But the segment that really reminded me of the long journey to publication (and all of those roadblocks and rejections we face) and struck me as an insight particularly helpful for writers was a passage I found on page 169. The Heath brothers were talking about "creating the expectation of failure" and how, counterintuitively, warning workers/team members in a company that they should EXPECT to meet with hardship and frustration as they worked on their projects was, ultimately, an act of optimism.

They wrote (and the italics are theirs), "That's the paradox of the growth mindset. Although it seems to draw attention to failure, and in fact encourages us to seek out failure, it is unflaggingly optimistic. We will struggle, we will fail, we will be knocked down -- but throughout, we'll get better, and we'll succeed in the end. The growth mindset, then, is a buffer against defeatism. It reframes failure as a natural part of the change process. And that's critical, because people will persevere only if they perceive falling down as learning rather than as failing."

All I could do in response to that was to nod, nod again, and say, "Yeah..."
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Marilyn Brant writes award-winning women's fiction and romantic comedy. Her debut novel, According to Jane, won RWA's Golden Heart Award for Best Mainstream Novel, the Booksellers' Best Award and the Aspen Gold, among other honors. It was named one of Buzzle.com's "100 Best Romance Novels of All Time," (she takes great delight in reminding her not-always-so-romantic husband about that), and the trade paperback edition is on special sale at Amazon right now. Her latest novel is A Summer in Europe, which was a Literary Guild, BOMC2 and Rhapsody Book Club pick.

8 comments:

  1. Interesting post, Marilyn. Thanks for telling us about SWITCH.

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    1. You're welcome, Lori!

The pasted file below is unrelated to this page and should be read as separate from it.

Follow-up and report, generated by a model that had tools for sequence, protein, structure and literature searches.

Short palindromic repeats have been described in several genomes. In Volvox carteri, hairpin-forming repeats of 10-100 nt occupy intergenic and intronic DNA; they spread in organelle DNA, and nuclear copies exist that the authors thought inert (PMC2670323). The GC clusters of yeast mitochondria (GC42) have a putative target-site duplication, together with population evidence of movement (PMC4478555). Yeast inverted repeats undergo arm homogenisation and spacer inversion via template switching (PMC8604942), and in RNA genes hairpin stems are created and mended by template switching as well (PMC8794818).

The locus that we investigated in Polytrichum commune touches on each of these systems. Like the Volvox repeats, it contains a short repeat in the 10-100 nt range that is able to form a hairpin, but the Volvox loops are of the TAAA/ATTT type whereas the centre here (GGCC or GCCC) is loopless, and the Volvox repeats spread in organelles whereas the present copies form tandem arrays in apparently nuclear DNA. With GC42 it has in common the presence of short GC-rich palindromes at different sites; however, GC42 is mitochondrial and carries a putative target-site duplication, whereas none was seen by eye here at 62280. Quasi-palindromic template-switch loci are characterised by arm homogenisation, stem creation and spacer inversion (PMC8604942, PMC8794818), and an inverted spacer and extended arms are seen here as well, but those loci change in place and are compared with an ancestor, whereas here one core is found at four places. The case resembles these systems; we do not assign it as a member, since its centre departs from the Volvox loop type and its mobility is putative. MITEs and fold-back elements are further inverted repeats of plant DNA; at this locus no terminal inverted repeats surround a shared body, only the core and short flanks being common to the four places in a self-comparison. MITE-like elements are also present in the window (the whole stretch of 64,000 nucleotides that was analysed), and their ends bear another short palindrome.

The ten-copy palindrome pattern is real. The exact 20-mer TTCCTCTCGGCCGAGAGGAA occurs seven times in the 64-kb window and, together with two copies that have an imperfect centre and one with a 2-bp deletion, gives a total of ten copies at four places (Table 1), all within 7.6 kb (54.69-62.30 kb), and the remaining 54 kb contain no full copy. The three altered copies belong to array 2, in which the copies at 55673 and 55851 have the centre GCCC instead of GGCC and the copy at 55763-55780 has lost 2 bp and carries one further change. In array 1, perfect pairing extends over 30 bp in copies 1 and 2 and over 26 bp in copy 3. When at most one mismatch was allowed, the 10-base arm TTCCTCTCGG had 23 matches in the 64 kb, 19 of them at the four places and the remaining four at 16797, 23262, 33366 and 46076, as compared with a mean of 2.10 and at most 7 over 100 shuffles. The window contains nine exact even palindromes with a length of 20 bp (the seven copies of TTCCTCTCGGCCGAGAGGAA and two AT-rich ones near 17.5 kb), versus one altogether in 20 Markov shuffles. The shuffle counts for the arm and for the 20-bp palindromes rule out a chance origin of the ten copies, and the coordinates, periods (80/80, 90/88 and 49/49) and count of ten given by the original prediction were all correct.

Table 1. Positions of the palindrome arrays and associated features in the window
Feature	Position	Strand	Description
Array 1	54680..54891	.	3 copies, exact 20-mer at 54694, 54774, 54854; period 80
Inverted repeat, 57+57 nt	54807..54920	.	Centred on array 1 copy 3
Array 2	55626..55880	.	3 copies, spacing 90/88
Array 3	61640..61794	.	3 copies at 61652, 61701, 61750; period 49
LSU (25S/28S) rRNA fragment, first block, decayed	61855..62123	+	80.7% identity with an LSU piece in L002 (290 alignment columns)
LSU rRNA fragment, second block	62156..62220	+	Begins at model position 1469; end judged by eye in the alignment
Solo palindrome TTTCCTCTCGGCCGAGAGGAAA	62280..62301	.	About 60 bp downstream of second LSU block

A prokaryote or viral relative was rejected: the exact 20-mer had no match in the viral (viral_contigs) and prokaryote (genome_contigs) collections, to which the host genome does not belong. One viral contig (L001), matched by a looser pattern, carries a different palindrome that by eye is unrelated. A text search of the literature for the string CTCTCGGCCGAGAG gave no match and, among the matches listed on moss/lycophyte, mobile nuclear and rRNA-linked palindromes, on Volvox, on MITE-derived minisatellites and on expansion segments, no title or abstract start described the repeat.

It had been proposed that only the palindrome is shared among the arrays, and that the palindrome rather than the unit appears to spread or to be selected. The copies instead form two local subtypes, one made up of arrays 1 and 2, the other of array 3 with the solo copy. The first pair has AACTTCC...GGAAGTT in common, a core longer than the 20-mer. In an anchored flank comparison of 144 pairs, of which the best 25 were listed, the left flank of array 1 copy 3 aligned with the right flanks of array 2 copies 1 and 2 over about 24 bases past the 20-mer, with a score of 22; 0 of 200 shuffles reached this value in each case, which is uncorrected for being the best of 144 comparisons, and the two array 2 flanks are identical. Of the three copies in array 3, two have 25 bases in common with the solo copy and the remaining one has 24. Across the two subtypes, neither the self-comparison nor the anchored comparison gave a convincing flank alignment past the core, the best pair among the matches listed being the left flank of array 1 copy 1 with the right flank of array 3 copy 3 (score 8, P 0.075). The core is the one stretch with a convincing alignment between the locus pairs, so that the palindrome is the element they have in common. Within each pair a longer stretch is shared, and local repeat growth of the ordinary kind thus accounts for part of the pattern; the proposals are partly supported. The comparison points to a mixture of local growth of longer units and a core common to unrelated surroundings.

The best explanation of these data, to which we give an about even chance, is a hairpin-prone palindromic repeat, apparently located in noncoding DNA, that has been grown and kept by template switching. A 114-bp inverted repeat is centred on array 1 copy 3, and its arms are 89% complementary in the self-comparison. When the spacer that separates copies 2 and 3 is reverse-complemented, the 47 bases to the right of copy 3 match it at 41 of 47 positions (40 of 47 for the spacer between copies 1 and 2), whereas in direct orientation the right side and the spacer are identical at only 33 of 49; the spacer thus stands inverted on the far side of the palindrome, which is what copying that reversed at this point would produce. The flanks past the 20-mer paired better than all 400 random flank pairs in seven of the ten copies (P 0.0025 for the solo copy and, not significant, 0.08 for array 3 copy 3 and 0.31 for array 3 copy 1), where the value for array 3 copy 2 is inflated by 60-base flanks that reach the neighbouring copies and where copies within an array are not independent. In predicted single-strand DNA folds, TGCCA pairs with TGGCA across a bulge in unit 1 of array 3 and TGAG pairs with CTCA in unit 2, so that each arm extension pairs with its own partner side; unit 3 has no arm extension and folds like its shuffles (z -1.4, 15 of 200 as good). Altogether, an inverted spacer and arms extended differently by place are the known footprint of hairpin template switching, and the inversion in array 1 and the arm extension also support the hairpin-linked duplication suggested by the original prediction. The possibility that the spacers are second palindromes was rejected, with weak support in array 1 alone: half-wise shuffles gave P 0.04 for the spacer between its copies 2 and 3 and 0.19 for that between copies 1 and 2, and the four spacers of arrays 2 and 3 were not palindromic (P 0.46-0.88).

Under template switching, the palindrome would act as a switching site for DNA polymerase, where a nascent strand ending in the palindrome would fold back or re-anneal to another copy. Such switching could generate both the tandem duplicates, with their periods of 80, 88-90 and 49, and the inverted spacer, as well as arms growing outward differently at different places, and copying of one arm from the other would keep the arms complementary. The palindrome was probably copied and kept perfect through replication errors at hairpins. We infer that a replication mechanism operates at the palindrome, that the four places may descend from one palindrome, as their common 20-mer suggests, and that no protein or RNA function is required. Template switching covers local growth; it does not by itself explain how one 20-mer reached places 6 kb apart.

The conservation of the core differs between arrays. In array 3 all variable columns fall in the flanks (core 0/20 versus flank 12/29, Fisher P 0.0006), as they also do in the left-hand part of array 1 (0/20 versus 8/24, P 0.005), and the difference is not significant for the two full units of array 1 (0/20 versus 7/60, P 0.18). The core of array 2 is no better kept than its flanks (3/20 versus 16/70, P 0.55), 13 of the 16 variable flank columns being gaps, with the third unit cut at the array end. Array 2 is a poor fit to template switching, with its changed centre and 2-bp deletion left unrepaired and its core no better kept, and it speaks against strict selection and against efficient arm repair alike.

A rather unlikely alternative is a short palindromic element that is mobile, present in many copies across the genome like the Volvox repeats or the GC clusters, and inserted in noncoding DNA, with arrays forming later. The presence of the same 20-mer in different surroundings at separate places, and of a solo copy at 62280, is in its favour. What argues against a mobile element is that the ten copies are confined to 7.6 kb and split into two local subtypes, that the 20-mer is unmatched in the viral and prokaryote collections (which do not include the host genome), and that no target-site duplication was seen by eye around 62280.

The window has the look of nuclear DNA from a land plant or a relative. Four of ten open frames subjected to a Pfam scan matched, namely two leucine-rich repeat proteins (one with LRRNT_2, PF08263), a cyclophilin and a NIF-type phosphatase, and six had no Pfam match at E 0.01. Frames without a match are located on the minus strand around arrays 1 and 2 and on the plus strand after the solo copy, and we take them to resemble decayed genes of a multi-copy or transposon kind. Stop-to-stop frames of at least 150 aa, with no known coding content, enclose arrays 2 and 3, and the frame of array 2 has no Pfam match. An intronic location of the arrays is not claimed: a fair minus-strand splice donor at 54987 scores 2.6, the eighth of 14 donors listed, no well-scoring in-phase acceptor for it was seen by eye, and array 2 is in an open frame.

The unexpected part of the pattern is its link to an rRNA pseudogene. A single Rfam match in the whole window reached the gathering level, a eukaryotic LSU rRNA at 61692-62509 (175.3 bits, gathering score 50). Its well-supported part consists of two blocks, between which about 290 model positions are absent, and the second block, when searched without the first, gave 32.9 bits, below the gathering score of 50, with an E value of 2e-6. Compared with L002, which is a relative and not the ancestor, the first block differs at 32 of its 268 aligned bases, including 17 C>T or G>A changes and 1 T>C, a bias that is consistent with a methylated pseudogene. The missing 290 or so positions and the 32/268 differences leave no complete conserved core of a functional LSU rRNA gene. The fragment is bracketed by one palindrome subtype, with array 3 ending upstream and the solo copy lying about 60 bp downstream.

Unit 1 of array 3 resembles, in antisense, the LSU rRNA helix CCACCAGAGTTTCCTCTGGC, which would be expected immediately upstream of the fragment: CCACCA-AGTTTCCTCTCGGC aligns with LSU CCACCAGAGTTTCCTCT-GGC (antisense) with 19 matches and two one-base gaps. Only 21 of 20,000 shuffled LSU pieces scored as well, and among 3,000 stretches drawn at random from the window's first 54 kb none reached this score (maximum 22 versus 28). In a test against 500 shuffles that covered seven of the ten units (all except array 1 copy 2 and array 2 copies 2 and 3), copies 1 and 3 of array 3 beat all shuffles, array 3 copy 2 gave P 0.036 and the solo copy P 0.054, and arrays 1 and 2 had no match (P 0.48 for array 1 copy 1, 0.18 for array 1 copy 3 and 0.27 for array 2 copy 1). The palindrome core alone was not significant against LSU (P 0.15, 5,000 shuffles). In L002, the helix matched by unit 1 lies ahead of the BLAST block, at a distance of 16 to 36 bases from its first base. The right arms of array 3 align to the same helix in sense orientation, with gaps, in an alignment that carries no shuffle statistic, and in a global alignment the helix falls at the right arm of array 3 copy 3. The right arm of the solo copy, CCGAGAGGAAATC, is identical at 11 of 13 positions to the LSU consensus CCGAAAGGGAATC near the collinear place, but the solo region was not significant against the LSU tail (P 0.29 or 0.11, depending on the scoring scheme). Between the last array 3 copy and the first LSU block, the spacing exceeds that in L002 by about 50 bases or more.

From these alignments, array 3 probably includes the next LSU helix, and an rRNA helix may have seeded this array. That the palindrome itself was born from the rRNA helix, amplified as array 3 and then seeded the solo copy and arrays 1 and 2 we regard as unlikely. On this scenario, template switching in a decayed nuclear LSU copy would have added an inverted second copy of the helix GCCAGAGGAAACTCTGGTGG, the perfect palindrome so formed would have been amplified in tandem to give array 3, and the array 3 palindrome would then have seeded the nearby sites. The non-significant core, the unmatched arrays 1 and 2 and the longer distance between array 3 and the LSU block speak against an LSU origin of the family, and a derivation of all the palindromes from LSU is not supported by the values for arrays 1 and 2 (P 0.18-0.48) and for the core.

I was hoping it might be a book of interest here ;).

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  2. Thanks for sharing, Marilyn. You sold me! Sounds like a great book. I'm a sucker for motivation books.

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    1. Karin, I love motivation books, too!
      I only wish I could always remember to do the wise things they tell me to do...

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  3. Great information! I love that. I feel that way about my books, so obviously I'm on my way to success. lol

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    1. You ARE a success, Edie!!
      But, yeah, every time I read the line "we will struggle, we will fail, we will be knocked down..." I am convinced the Heath brothers are talking to me, LOL.

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  4. I saw this book today, I sold it I believe. I'll pass the praise along to a friend of mine. She's just about had it with traditional publishing, too many rejections. She's working ebook publishing via Amazon, then the other major e retailers.

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    1. Anita,
      I hope your friend will find it helpful. The person who'd recommended it to me wasn't a novelist (we were talking about making better dietary/fitness choices when she mentioned it), but there were a lot of concepts in the book that jumped out at me as being applicable to writers. Especially those thoughts on "failing" -- or, rather, "learning." :)